It still remains to be seen whether the findings shown in this study are applicable in clinical settings, which takes me to the caveats of this paper: my main criticism regards the lack of validation in human samples. Every single experiment, (which as everyone knows in a Cell paper means a lot of data) is done with cell lines. The authors could have exploited their findings to analyze how xenografts of human breast tumors behave when mice are treated with the drug, for example. Furthermore, they could have analyzed if spontaneously generated breast tumors (such as the MMTV-PyMT model) respond to salinomycin alone or in combination with paclitaxel. Both the use of primary human breast tumors and spontaneous models of breast cancer would give much more insight into the potential of this compound in targeting CSCs in vivo.

The authors conclude:
“The importance of targeting CSCs derives from the multiple observations showing that CSCs, in addition to having increased tumor-seeding potential, are resistant to a variety of chemotherapy drugs and radiation treatment. As is shown here and elsewhere (Fillmore and Kuperwasser, 2008), treatment with paclitaxel actually imposes a strong selection for CSC survival and expansion. This suggests that in cases where chemotherapy or radiation treatment fail to completely eradicate the disease, the residual cancer cells will be highly enriched for cells that persist in a CSC/mesenchymal state. This notion is supported by recent clinical observations showing that after conventional chemotherapy, breast tumors have an increased proportion of cells with a CD44hi/CD24lo marker profile and increased tumorsphere- forming ability (Li et al., 2008). Collectively, these considerations indicate that to be effective in the long-term, cancer therapies should include agents that target CSCs to prevent the regrowth of neoplastic cell populations”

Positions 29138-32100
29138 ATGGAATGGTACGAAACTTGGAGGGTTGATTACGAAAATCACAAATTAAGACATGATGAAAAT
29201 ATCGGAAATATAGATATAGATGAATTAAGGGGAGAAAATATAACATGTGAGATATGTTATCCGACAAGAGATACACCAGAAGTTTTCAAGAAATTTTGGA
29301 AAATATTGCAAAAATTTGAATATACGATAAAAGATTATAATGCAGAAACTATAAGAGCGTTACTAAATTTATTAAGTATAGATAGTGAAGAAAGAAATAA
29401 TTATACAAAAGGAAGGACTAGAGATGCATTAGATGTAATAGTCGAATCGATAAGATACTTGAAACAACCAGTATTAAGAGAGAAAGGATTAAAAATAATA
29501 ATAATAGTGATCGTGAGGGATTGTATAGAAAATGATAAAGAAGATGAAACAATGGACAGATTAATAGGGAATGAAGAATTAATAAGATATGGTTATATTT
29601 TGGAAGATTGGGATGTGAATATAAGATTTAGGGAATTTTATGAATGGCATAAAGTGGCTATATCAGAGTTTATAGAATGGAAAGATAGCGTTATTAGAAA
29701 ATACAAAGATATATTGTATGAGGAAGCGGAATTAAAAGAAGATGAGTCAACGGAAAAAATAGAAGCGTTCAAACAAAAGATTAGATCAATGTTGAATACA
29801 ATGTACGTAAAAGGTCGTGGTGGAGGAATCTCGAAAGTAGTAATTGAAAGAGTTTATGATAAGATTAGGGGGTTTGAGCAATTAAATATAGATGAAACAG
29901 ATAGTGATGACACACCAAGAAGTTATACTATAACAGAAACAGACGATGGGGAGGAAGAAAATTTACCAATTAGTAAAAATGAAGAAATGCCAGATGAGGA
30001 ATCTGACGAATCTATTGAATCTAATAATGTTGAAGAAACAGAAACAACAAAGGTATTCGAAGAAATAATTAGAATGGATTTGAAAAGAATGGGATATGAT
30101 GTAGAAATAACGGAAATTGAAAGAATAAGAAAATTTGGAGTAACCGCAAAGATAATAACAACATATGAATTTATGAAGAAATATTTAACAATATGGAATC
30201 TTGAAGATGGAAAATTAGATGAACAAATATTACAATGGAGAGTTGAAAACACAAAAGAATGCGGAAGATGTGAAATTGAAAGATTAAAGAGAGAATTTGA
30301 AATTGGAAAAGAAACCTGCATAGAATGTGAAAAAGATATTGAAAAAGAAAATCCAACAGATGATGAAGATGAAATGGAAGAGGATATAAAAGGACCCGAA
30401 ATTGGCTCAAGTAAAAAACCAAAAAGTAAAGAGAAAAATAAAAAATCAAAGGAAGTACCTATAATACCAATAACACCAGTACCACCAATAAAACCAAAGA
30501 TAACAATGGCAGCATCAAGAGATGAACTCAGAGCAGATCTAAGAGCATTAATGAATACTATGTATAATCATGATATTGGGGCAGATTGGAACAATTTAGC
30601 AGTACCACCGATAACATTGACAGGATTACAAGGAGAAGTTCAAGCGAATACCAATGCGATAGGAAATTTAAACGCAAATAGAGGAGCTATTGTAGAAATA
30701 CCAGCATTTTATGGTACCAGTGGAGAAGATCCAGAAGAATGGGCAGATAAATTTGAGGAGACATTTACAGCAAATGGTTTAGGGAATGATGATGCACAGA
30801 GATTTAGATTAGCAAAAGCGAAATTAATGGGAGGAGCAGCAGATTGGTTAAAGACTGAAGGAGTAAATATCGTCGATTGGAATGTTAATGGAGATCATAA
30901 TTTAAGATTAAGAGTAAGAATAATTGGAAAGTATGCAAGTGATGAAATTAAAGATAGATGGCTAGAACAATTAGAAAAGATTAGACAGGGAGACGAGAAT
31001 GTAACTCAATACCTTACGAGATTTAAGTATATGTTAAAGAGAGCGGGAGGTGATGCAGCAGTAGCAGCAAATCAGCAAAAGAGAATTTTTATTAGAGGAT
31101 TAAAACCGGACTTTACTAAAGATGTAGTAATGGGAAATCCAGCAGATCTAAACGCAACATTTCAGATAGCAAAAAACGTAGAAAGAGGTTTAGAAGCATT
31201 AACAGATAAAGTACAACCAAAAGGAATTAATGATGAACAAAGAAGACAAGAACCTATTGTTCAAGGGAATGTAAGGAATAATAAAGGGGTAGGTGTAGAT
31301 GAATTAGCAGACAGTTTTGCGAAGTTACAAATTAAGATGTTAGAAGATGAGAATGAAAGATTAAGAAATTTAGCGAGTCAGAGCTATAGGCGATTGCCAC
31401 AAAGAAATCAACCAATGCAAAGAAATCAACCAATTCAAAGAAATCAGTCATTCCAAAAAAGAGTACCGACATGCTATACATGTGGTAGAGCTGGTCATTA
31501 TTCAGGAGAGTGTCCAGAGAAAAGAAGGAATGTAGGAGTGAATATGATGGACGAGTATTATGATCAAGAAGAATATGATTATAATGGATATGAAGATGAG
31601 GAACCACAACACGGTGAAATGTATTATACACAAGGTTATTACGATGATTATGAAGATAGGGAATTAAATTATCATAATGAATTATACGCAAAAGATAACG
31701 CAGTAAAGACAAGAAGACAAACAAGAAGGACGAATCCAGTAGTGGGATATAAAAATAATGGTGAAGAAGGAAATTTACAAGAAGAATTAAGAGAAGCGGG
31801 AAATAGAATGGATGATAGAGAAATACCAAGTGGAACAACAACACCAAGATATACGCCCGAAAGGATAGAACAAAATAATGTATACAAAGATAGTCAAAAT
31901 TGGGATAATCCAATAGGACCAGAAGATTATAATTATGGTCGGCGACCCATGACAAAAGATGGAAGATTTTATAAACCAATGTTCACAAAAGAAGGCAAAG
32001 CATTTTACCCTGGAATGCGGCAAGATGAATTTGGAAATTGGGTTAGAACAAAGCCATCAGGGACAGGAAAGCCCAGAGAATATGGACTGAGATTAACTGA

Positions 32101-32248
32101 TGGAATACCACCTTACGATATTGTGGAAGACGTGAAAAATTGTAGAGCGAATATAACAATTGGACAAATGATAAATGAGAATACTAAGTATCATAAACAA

The field of CSCs is moving quite fast these days and exciting new findings are being published regularly. To conclude this post I just want to give a word of caution to most people outside the field (or even misinformed people in the field), regarding the conclusions that can be drawn from all the research being done. Only time will tell if the CSC hypothesis holds true for all or certain types of tumors and whether if this has any clinical relevance. Despite this warning and all of the issues raised, these are very interesting times to be involved in biomedicine.

Gupta, P., Onder, T., Jiang, G., Tao, K., Kuperwasser, C., Weinberg, R., & Lander, E. (2009). Identification of Selective Inhibitors of Cancer Stem Cells by High-Throughput Screening Cell, 138 (4), 645-659 DOI: 10.1016/j.cell.2009.06.034

MANI, S., GUO, W., LIAO, M., EATON, E., AYYANAN, A., ZHOU, A., BROOKS, M., REINHARD, F., ZHANG, C., & SHIPITSIN, M. (2008). The Epithelial-Mesenchymal Transition Generates Cells with Properties of Stem Cells Cell, 133 (4), 704-715 DOI: 10.1016/j.cell.2008.03.027